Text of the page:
thanos compact command applies the compaction procedure of the Prometheus 2.0 storage engine to block data stored in object storage. It is generally not semantically concurrency safe and must be deployed as a singleton against a bucket.
It is also responsible for downsampling of data:
thanos compact --data-dir /tmp/thanos-compact --objstore.config-file=bucket.yml
The content of
The compactor needs local disk space to store intermediate data for its processing. Generally, about 100GB are recommended for it to keep working as the compacted time ranges grow over time. On-disk data is safe to delete between restarts and should be the first attempt to get crash-looping compactors unstuck.
Resolution - distance between data points on your graphs. E.g.
Keep in mind, that the initial goal of downsampling is not saving disk space (Read further for elaboration on storage space consumption). The goal of downsampling is providing an opportunity to get fast results for range queries of big time intervals like months or years. In other words, if you set
--retention.resolution-raw less then
--retention.resolution-1h - you might run into a problem of not being able to “zoom in” to your historical data.
To avoid confusion - you might want to think about
raw data as about “zoom in” opportunity. Considering the values for mentioned options - always think “Will I need to zoom in to the day 1 year ago?” if the answer “yes” - you most likely want to keep raw data for as long as 1h and 5m resolution, otherwise you’ll be able to see only downsampled representation of how your raw data looked like.
There’s also a case when you might want to disable downsampling at all with
debug.disable-downsampling. You might want to do it when you know for sure that you are not going to request long ranges of data (obviously, because without downsampling those requests are going to be much much more expensive than with it). A valid example of that case if when you only care about the last couple of weeks of your data or use it only for alerting, but if it’s your case - you also need to ask yourself if you want to introduce Thanos at all instead of vanilla Prometheus?
Ideally, you will have equal retention set (or no retention at all) to all resolutions which allow both “zoom in” capabilities as well as performant long ranges queries. Since object storages are usually quite cheap, storage size might not matter that much, unless your goal with thanos is somewhat very specific and you know exactly what you’re doing.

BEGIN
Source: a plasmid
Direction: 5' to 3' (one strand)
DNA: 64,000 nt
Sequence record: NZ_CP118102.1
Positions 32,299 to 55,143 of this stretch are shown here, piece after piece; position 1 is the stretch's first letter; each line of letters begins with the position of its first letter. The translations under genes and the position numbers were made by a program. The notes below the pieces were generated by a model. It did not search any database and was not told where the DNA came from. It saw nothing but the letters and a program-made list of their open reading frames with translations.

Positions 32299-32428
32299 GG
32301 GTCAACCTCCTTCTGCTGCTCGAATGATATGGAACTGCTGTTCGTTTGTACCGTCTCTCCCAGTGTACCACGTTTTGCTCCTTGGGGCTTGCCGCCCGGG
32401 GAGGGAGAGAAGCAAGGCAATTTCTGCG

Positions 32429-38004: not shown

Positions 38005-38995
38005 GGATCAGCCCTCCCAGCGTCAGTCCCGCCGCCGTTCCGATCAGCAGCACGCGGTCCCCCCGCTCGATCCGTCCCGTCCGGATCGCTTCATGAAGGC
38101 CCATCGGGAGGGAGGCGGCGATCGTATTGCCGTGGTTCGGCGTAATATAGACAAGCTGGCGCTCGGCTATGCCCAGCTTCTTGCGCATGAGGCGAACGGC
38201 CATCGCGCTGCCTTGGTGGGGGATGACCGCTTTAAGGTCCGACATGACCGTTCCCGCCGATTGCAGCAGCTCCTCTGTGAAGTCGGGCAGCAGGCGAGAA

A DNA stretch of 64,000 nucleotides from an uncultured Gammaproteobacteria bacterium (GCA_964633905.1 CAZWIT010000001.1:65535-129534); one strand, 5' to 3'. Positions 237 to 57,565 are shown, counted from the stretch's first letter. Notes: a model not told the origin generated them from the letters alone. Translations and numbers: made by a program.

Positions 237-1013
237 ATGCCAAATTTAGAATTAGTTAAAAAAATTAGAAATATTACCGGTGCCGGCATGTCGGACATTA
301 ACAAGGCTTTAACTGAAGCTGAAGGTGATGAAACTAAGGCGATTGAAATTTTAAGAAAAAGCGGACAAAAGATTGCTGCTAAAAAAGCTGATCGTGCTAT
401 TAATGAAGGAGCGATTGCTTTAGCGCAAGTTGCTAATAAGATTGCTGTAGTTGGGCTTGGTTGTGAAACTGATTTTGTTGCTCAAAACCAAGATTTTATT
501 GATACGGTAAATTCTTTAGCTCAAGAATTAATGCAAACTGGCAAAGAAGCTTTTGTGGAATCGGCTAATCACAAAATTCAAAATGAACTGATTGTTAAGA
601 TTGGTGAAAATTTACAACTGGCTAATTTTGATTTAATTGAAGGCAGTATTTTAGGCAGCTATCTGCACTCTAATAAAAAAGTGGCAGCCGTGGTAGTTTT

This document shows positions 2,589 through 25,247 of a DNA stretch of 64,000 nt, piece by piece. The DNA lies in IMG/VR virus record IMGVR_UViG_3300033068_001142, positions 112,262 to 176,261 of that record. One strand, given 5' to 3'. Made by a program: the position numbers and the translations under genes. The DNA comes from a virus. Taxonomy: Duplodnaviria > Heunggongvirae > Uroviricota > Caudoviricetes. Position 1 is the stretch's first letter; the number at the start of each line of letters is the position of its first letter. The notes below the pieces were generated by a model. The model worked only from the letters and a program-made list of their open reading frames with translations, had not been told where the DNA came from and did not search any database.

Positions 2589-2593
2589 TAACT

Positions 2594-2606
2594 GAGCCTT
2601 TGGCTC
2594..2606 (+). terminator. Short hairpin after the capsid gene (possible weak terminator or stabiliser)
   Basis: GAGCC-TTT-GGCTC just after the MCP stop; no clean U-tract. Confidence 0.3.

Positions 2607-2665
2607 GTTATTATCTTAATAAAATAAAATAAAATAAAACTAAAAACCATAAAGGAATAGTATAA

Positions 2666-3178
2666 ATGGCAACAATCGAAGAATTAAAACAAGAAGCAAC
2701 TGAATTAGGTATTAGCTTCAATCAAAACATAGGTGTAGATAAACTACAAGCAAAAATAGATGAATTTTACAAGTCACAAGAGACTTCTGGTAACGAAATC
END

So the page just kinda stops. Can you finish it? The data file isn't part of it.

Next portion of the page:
Not setting this flag, or setting it to
--retention.resolution-X=0d, will mean that samples at the
X resolution level will be kept forever.
In fact, downsampling doesn’t save you any space but instead it adds 2 more blocks for each raw block which are only slightly smaller or relatively similar size to raw block. This is required by internal downsampling implementation which to be mathematically correct holds various aggregations. This means that downsampling can increase the size of your storage a bit (~3x), but it gives massive advantage on querying long ranges.
The compactor groups blocks using the external_labels added by the Prometheus who produced the block. The labels must be both unique and persistent across different Prometheus instances.
By unique, we mean that the set of labels in a Prometheus instance must be different from all other sets of labels of your Prometheus instances, so that the compactor will be able to group blocks by Prometheus instance.
By persistent, we mean that one Prometheus instance must keep the same labels if it restarts, so that the compactor will keep compacting blocks from an instance even when a Prometheus instance goes down for some time.
Depending on the Object Storage provider like S3, GCS, Ceph etc; we can divide the storages into strongly consistent or eventually consistent. Since there are no consistency guarantees provided by some Object Storage providers, we have to make sure that we have a consistent lock-free way of dealing with Object Storage irrespective of the choice of object storage.